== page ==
Why Is Salt Used as a Preservative?

  • Salt has been used as a preservative since before written language, according to the Peng-Tzao-Kan-Mu, a Chinese work estimated to have been written around 2700 BC. How man discovered salt's preserving qualities was probably something he stumbled upon by accident, but we are still benefiting from it.

  • Used as money, shipped from coast to interior towns and cities and traded as a commodity, salt has even inspired the emergence of whole empires such as those in West Africa in the 1200s and 1300s. In some countries, such as Timbuktu, salt was even traded ounce for ounce with gold. In the U.S. during the Civil War, the Union planned campaigns to capture salt to bring to the Confederate Army.

  • Sometime in the early 1800s, man began to finally understand the way salt works as a preservative. This was important in places with long, hard winters with few sources of fresh food. Salt has antibacterial properties, so it inhibits the growth of bacteria which spoil food. When the food that is salted makes contact with the bacteria, the salt absorbs the moisture through the cell's walls, which results in the death of the bacteria.

Salt as a mold and yeast preventative

  • Salt also is an effective deterrent to molds and yeast. In fermentation processes, salt inhibits the yeast from continuing to grow and allows the fermentation time to be regulated. Mold also must have a moist environment to grow, so the salt's dehydrating properties nicely inhibit this as well.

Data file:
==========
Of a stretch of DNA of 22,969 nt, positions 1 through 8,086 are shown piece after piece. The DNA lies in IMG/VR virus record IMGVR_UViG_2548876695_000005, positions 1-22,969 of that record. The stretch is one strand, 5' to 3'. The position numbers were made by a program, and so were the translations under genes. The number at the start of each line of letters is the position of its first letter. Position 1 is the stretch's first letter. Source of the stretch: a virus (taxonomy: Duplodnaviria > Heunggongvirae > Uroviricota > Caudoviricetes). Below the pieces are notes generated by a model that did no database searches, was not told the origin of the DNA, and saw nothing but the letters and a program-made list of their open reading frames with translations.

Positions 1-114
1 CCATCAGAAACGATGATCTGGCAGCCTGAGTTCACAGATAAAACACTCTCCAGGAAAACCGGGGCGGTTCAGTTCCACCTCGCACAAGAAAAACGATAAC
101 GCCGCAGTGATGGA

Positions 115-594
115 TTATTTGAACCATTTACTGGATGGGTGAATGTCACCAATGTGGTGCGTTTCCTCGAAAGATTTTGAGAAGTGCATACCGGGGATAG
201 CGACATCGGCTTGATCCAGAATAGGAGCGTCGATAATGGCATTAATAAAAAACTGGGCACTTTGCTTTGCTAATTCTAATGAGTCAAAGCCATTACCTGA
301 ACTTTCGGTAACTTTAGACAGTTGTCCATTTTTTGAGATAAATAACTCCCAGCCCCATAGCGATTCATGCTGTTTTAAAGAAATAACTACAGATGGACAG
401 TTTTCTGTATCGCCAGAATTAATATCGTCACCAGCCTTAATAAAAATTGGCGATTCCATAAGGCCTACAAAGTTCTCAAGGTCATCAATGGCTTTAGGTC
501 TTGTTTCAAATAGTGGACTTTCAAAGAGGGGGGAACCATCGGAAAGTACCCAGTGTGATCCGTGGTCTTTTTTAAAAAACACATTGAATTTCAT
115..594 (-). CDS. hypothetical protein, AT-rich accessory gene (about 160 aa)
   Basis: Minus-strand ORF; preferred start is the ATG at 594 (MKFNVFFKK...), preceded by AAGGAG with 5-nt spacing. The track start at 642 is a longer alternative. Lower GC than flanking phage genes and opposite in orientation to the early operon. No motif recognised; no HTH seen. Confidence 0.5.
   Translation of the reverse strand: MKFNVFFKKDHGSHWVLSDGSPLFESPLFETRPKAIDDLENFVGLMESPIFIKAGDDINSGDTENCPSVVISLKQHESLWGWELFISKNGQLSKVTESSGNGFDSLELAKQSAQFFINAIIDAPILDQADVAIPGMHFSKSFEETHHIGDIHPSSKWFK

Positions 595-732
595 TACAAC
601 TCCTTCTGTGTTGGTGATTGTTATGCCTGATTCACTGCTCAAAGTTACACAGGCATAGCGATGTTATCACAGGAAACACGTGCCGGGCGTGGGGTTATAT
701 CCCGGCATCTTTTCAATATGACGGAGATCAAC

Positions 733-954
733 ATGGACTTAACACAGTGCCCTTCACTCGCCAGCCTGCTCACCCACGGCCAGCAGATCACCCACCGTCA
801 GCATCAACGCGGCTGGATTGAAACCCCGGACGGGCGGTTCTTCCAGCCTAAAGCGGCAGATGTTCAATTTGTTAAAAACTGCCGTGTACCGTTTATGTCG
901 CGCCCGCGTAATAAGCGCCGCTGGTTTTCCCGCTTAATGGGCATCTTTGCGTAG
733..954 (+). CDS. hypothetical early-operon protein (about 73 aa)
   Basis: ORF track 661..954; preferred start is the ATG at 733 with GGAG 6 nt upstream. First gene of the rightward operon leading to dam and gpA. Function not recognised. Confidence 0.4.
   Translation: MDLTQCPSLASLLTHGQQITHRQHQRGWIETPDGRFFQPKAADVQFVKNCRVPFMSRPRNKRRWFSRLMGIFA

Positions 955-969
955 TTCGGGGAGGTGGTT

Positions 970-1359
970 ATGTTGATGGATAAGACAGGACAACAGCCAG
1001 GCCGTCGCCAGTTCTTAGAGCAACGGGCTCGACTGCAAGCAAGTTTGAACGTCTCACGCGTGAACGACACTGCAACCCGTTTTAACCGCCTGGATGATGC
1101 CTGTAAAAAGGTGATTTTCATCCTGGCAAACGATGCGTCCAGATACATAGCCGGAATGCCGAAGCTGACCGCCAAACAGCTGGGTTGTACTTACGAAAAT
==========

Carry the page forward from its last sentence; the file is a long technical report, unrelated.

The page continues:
Which salt to use in preserving

  • You must buy the right type of salt to use it for preserving foods. Pickling salt and kosher salt, which are both free of chemicals and additives, are the best choices. Salt must be pure in order to be a good preservative, which is why pickling salt and kosher salts are sold separately as distinct entities. Table salt contains additives such as iodine not found in other more natural salts.

Preserving with salt today

  • To preserve with salt, food must be pickled in brine, which is a solution of salt and water. Once people used huge barrels of 50 or 60 gallons for pickling and then storing the food they had preserved during the cold months. This is the process for vegetables. For meat, the whole piece must be rubbed with sea salt pellets and stored for 1 to 2 months for dry curing. It can also be pickled in brine by soaking or by injecting the meat with a syringe. Wet methods will not keep meats as long as the dry curing does.

Salt's diversity

  • Besides preservation and enhancing the taste of foods, salt is used in an amazing array of applications from industry to non-food products. Salt is used in the production of detergents, soaps and bath products as well as in the manufacturing of paper and pulp. In wintry climates, it's used to melt ice on roadways and to help produce such diverse products as PVC pipe and pesticides.

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